The Scottish Government needs to display “bolder ambition” if it is to meet targets for tackling child poverty, a new report has warned.
The Joseph Rowntree Foundation said that, even before coronavirus struck, around a million people in Scotland were in poverty “living precarious and insecure lives”, adding in many cases the pandemic will “have swept them deeper into poverty, as well as dragging others under”.
As well as responding to the challenges of Covid, the think-tank insisted it was also “right and proper” for action to be taken to “turn the tide on poverty”.
It is those on low incomes who have been “most exposed by the economic storm arising from coronavirus”, it said.
The Scottish Government has set the interim target of having no more than 18% of children living in relative poverty by the end of 2023-24, down from the current total which sees almost a quarter (24%) of youngsters affected.
But in its Poverty In Scotland 2020 report, released at the start of Challenge Poverty Week, it said that “poverty has been rising and we are not on course to meet interim child poverty targets within three years”.
It added that “getting back on course” to meet the target needed “bolder ambition” in key areas such as housing and social security.
The Scottish Government was urged to “commit fully” to an affordable housing supply programme that will create 53,000 new affordable homes by 2021, of which 70% of which should be for social rent via councils or housing associations.
In addition the think tank said the “income lifeline” offered by UK and Scottish social security payments needs to be “strengthened”.
Jim McCormick, associate director Scotland of the Joseph Rowntree Foundation, said the country was at a “crucial moment”.
He stated: “We went into the pandemic with unacceptable levels of poverty.
“The resulting economic storm risks blowing us even further off course.
“People and places already at greatest risk of poverty face tougher times ahead unless we are bolder in our approach to recovery.
“Now is a crucial moment for Scotland.
“The decisions we make will determine whether we reach our ambitious child poverty targets by the middle of the next parliament.
“As the shape of our economy changes, it is vital to do all we can to protect people’s jobs, homes and living standards, so more families are not pulled into poverty.”
His comments came as the report found: “The coronavirus pandemic has had a detrimental effect on jobs and financial security, with workers on low wages or in poverty deeply affected.”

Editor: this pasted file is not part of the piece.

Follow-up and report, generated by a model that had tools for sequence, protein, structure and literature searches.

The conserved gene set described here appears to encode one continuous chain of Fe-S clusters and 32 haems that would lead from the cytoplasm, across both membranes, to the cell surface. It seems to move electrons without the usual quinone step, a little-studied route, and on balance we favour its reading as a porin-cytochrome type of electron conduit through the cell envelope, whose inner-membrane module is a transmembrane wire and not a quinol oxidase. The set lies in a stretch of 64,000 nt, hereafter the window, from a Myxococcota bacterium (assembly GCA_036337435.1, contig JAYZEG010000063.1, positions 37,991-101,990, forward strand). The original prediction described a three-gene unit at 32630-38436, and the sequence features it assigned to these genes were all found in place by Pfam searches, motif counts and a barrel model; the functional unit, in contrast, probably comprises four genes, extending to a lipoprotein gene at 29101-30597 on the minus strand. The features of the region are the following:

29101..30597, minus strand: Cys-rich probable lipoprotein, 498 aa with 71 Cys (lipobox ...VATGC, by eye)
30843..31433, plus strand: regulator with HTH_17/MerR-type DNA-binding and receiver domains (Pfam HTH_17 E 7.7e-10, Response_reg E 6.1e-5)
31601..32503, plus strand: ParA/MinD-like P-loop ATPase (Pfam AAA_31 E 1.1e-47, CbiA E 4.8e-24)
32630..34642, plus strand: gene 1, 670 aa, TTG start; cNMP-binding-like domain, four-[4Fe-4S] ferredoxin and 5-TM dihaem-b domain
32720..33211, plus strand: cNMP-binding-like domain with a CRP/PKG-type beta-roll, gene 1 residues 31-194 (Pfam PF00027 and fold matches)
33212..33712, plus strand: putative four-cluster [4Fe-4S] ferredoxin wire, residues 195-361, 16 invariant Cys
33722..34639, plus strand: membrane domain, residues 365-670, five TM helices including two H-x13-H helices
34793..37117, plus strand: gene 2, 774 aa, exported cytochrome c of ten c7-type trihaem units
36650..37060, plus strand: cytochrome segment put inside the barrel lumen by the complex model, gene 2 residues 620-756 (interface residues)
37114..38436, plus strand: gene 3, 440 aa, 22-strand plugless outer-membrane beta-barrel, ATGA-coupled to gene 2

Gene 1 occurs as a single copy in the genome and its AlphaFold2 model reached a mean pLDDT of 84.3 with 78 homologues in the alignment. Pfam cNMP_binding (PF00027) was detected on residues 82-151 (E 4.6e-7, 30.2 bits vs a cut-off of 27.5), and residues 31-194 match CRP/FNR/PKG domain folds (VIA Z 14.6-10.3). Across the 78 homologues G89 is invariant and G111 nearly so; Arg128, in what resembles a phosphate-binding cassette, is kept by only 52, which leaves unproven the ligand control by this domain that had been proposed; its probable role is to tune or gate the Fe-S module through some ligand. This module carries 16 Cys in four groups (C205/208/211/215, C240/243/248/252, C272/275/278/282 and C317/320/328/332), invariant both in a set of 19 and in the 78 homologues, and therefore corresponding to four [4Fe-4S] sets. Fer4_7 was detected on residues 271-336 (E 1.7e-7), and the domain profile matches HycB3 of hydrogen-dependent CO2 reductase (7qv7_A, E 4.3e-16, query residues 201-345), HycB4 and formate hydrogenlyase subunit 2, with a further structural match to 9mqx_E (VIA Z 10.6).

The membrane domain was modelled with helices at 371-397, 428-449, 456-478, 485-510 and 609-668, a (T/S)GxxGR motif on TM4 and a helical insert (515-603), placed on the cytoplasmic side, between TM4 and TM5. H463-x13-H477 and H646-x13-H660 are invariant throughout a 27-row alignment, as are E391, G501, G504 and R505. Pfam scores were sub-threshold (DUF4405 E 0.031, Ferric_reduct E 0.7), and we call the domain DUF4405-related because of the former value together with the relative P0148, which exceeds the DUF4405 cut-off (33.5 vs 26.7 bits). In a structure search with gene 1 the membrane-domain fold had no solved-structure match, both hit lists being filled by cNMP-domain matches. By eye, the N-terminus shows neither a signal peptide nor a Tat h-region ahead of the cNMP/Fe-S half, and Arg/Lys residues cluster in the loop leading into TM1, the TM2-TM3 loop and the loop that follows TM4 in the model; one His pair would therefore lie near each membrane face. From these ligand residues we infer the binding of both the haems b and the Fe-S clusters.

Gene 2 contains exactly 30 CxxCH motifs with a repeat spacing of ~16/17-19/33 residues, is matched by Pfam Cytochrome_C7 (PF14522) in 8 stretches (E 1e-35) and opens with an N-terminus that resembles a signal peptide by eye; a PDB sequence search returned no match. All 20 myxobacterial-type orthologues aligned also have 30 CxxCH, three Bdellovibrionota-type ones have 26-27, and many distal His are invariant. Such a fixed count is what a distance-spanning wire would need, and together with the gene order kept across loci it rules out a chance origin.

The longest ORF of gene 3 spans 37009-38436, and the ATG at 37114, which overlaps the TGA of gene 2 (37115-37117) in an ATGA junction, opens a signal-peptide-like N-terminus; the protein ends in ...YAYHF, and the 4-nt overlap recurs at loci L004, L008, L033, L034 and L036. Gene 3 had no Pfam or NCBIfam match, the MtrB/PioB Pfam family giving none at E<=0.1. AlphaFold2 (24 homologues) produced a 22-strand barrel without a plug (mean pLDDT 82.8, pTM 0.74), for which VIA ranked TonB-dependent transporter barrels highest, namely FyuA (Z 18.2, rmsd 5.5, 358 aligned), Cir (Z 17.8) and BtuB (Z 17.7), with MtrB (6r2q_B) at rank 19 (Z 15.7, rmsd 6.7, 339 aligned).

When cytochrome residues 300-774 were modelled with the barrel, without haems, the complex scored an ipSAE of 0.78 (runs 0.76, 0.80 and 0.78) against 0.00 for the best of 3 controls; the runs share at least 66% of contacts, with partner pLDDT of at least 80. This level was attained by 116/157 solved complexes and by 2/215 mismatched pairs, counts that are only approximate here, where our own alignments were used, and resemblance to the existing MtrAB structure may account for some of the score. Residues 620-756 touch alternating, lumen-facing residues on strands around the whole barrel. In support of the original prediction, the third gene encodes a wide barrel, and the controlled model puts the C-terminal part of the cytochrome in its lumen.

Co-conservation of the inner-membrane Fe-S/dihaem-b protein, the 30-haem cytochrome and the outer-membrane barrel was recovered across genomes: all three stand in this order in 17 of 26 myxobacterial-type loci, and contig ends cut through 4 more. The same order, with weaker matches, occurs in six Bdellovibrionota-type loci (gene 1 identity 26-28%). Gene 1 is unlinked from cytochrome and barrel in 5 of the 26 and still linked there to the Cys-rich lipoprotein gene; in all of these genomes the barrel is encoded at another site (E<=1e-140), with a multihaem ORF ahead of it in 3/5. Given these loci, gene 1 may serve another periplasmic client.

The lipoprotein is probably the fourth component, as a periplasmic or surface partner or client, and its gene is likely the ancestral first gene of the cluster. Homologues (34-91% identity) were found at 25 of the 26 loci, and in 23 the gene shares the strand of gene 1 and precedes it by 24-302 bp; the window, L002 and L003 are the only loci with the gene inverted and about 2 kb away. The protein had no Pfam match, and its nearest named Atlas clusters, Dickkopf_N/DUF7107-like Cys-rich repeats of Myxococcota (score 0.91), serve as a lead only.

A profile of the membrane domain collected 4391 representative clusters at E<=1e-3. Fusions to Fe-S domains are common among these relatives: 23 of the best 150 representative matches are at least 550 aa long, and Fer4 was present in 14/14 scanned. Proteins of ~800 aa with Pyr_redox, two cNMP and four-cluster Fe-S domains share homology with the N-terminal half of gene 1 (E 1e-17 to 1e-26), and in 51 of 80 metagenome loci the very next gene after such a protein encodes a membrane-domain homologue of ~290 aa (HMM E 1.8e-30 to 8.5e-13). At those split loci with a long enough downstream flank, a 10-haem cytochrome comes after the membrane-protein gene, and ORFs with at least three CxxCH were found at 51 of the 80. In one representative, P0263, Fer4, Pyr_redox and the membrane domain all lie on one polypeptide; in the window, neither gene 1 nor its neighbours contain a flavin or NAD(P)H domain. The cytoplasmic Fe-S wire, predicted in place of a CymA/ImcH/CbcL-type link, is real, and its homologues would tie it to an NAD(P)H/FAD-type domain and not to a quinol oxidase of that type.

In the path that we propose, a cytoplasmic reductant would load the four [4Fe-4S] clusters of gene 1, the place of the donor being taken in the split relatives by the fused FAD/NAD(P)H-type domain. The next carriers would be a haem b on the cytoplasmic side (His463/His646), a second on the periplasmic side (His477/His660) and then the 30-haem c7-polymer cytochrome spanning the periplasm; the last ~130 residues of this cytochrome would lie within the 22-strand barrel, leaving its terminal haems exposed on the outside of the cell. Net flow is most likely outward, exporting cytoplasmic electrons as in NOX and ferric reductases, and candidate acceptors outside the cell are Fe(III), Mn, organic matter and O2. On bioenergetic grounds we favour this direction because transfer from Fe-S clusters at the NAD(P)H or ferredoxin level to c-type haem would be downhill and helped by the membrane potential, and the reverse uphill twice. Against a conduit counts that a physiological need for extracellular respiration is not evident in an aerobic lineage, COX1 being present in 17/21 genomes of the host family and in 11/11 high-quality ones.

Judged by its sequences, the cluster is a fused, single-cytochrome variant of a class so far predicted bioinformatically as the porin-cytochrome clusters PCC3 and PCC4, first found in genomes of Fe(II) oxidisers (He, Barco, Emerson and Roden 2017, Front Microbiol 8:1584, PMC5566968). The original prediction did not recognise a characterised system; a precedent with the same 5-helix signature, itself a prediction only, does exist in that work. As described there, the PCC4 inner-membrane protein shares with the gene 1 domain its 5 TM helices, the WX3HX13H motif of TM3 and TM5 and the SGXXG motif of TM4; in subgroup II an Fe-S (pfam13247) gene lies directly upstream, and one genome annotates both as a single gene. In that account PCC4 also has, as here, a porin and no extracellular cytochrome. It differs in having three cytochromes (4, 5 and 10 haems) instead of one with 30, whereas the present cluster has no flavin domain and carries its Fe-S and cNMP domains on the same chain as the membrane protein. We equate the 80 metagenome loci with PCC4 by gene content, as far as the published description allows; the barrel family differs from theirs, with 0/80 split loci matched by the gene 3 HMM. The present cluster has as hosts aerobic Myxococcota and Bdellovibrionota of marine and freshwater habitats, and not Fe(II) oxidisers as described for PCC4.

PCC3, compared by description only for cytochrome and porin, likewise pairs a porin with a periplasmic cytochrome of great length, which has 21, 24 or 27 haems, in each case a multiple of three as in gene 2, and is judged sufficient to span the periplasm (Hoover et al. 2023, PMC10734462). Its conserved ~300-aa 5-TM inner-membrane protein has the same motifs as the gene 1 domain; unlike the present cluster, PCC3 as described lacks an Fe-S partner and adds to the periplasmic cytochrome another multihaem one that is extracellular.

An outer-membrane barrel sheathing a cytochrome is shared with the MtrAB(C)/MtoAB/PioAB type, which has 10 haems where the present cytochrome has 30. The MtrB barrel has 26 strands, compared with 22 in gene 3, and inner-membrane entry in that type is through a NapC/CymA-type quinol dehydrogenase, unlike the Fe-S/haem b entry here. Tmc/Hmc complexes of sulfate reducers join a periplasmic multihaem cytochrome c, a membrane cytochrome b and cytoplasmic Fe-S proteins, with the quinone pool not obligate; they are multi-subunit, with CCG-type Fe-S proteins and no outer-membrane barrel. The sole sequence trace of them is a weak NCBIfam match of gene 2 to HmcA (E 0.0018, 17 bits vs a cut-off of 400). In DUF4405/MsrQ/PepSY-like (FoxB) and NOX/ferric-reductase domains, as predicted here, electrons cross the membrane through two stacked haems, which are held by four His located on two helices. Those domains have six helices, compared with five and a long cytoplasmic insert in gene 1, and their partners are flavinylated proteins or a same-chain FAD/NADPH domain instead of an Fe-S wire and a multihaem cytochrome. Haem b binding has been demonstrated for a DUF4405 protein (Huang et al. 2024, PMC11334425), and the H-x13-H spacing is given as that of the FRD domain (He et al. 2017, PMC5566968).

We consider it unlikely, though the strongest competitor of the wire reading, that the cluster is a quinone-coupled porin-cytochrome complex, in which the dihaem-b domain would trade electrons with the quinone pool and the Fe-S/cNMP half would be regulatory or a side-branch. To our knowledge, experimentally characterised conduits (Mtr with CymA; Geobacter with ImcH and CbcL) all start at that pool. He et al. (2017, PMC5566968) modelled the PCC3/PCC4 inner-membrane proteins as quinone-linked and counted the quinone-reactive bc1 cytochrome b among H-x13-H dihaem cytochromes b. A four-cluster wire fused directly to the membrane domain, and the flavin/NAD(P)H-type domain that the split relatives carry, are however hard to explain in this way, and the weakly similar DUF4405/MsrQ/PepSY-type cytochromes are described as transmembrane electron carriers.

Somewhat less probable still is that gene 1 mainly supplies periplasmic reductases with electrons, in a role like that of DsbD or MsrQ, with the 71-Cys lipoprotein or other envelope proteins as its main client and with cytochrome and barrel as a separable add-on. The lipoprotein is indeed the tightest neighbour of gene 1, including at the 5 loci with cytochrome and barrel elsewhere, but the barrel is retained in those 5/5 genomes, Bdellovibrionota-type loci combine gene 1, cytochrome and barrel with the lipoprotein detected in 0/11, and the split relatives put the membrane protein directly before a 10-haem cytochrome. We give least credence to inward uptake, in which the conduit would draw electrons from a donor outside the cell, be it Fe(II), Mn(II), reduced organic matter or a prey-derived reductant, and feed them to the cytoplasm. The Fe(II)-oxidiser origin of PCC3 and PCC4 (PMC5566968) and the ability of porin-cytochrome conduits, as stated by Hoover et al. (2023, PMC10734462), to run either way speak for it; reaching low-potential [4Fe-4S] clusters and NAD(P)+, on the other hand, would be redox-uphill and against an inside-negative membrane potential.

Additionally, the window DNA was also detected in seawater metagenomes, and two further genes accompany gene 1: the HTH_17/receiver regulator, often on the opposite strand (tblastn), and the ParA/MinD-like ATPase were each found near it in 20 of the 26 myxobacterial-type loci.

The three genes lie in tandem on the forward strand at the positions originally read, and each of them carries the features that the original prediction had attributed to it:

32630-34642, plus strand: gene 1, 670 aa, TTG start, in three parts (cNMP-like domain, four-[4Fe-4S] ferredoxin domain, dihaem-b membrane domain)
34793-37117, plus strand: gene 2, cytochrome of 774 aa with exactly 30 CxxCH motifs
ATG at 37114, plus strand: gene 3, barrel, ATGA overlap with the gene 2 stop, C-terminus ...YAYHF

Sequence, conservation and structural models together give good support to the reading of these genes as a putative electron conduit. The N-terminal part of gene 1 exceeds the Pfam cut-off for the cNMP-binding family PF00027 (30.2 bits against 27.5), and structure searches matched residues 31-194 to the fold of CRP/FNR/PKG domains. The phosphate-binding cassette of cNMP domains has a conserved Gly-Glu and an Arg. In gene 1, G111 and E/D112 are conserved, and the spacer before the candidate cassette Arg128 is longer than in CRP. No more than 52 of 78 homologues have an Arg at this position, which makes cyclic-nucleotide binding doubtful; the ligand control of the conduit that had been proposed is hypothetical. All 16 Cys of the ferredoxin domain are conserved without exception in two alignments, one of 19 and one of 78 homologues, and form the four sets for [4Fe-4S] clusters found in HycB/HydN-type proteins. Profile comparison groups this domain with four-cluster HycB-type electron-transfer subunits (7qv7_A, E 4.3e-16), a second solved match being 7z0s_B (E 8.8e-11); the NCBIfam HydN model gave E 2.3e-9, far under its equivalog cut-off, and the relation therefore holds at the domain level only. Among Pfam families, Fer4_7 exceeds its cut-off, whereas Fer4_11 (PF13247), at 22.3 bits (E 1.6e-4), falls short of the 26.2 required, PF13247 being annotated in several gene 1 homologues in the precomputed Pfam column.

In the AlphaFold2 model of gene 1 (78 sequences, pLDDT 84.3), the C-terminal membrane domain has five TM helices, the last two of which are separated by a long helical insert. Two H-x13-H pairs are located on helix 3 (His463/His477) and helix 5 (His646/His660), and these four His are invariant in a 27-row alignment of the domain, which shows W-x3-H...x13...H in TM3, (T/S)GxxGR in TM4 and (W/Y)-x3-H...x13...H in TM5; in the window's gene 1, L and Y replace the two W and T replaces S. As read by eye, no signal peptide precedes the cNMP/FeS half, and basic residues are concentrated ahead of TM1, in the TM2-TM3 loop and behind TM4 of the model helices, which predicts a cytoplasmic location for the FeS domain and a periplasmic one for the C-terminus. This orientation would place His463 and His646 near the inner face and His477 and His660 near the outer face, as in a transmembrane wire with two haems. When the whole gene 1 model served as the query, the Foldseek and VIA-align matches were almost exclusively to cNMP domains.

It also warned of the impact ending the furlough scheme at the end of this month, coupled with the withdrawal of temporary higher benefits payments in April, could have on the problem, saying it was “clear” this will make poverty higher.
The report went on: “This is because unemployment will be higher, working hours and earnings may be falling, benefits would be reduced back to pre-coronavirus levels while housing costs will be no lower.
“Such a situation would be deeply worrying, not just in the context of interim child poverty targets three years away, but in the daily lives of people who face being swept further and deeper into poverty.”
A Scottish Government spokeswoman said: “We welcome this state of the nation report from the Joseph Rowntree Foundation which highlights the importance of our continued action to tackle child poverty and the challenges we face in the coming years.
“Next month the Scottish Child Payment will open to new applications for eligible children under six, with the first payments made from the end of February.
The latest Scottish Fiscal Commission forecast suggests that the new payment could support up to 194,000 children this year, with payments worth £10 per child per week.
Together with Best Start Grant and Best Start Foods this will provide over £5,200 of financial support for eligible families by the time their first child turns six, around £4,000 more than elsewhere in the UK.
“The Scottish Government has delivered almost 96,000 (95,692) affordable homes since 2007 and have outlined plans to invest over £2.8bn in capital, over five years, to deliver more affordable and social homes across Scotland.
“Our Parental Employability Support Fund, making £7.35m available this year to support parents to enter and progress in work.
“In addition we have announced £100m package to support people looking for work or those at risk of redundancy.
“This includes a job guarantee for young people, a new national retraining scheme, and more funding for immediate assistance and advice if people are made redundant.
“We are absolutely committed to tackling and reducing child poverty in Scotland. As the Joseph Rowntree Foundation have highlighted, the UK Government need to match our efforts, reverse damaging polices made and continue the temporary £20 increase beyond April and extend this to key legacy benefits – helping us lift 25,000 children out of poverty.”